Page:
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A sham, a crying shame

When you watch a movie with hardly any plot and an unending series of gags, laughs and funny situations, usually that film turns boring and senseless. Few will love it; fewer still will laugh at its cracks.

This is what seems to be happening to the Prime Minister and his now sorry band. Their jokes on the people of this so fair land are excessive, their idiocy turning them into worse than clowns.

That they had no plot except to take over the land is now obvious.

That they devised no plot while steering the land is even more than obvious.

But while for a time their bungling, their mistakes and their greed seemed all part of their inexperience, it has now transpired that the scam that was sold to the populace was just that—a not-so-funny scam of fancy words and fancier promises.

At first even the gore that came out of the comedies seemed a part of the farce; it seemed as if we had fallen into a rabbit hole and all was upside down, an Alice in Wonderland scenario where good was bad and bad was worse.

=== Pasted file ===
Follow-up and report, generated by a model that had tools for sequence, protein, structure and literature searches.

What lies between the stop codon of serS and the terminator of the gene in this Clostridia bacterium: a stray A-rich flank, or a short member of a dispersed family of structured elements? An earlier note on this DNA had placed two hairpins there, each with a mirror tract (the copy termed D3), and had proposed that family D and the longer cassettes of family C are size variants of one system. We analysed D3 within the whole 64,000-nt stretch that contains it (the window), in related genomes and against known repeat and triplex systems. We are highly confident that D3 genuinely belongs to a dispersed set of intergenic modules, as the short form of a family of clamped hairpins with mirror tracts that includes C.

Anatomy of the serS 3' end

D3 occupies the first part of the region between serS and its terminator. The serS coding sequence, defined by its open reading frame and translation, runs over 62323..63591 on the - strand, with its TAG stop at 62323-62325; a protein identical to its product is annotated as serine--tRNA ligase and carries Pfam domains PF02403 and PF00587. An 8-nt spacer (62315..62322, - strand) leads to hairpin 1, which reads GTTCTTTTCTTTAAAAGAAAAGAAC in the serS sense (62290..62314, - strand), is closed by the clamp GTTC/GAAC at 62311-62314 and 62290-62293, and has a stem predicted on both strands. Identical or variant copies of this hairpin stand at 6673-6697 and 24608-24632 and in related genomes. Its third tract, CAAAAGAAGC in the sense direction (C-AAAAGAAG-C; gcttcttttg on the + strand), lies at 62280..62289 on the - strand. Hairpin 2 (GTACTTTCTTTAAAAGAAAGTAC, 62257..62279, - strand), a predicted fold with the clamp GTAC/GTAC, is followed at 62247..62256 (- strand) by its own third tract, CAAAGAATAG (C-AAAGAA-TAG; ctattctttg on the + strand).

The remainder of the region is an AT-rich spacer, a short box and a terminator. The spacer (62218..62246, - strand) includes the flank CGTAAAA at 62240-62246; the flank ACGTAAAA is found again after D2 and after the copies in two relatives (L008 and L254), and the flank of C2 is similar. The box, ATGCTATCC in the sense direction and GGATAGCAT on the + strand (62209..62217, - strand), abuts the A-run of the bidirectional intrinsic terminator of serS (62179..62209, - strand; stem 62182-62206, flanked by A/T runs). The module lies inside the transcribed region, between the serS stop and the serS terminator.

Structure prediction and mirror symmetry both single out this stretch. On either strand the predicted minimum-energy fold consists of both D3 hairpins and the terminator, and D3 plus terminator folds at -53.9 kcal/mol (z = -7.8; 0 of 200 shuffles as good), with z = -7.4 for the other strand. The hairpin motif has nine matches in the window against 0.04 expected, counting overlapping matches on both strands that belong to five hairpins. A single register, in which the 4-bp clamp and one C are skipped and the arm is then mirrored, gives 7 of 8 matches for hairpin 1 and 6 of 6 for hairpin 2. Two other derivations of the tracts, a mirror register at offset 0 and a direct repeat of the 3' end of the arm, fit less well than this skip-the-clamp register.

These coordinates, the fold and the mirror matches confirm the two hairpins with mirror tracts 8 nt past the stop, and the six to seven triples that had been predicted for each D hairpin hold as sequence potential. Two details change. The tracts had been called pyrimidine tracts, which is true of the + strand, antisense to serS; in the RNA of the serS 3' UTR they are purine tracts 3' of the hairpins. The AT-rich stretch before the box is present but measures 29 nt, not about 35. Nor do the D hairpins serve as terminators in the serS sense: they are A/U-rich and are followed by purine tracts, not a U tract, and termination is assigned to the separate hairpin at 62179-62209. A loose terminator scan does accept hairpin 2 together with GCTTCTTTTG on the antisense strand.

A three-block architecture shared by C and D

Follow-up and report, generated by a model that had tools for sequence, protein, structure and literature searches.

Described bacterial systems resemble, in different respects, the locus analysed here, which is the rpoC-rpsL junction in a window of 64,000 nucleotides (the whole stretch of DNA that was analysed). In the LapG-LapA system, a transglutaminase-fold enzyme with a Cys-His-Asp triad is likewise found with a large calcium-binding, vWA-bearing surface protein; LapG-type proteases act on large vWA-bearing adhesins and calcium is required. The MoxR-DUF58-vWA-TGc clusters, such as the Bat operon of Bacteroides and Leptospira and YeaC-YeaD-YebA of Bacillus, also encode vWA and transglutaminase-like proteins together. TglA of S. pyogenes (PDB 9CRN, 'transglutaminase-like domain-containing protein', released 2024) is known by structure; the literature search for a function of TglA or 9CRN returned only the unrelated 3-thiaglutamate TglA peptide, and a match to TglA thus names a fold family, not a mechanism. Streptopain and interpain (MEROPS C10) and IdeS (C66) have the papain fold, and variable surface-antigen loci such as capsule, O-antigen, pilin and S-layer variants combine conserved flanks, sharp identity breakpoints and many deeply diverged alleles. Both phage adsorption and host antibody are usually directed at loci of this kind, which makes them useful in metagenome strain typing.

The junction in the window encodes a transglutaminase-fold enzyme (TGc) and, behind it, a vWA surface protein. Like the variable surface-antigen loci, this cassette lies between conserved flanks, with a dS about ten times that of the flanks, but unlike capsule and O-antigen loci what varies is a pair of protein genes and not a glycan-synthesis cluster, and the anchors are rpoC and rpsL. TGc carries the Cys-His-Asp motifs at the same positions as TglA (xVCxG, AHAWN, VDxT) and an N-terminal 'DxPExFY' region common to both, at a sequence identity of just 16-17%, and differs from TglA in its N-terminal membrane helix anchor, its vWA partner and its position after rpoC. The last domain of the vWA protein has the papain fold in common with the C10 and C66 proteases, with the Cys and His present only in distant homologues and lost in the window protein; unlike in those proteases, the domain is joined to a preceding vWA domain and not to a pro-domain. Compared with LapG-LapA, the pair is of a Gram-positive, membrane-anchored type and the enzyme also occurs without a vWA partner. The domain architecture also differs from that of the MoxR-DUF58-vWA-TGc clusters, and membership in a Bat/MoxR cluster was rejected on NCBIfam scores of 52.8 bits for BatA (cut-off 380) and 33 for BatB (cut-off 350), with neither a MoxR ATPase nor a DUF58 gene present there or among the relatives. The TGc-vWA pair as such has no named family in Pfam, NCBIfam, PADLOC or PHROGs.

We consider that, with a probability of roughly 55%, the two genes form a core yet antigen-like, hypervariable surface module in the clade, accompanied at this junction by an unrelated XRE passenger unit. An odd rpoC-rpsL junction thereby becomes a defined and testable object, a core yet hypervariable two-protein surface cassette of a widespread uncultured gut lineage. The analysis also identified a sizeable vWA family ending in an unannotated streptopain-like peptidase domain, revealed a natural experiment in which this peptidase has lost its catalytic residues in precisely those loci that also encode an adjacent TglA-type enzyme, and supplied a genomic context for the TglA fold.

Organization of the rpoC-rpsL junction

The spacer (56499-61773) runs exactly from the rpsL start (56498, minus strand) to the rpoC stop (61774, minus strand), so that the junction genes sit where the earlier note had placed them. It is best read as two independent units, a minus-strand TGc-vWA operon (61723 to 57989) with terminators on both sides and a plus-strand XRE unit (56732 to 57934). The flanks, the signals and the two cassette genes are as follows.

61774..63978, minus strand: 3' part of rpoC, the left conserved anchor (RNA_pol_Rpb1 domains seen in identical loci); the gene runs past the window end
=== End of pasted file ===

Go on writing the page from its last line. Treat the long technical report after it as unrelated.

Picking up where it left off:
If Gonzi, that horrid man, was a demon what is the scenario we are living called?

Today Joseph Muscat and his team have really turned what we had into a horror movie. Now anything can be expected: all that is terrible, all that proves we are now quickly going down the path of mocking our institutions and embracing people who are known to embrace corruption.

Once it was funny; now it is a crying shame.

When the Gaffarenas, Cyrus Engerers, Michael Falzons, Ian Borgs and Manuel Mallias remain lording it—with the crowd hailing them in leonine ovations—then the comedy, alas, truly stops.

It’s not just the plot and the laughs that have been lost.

It is our soul and our future.

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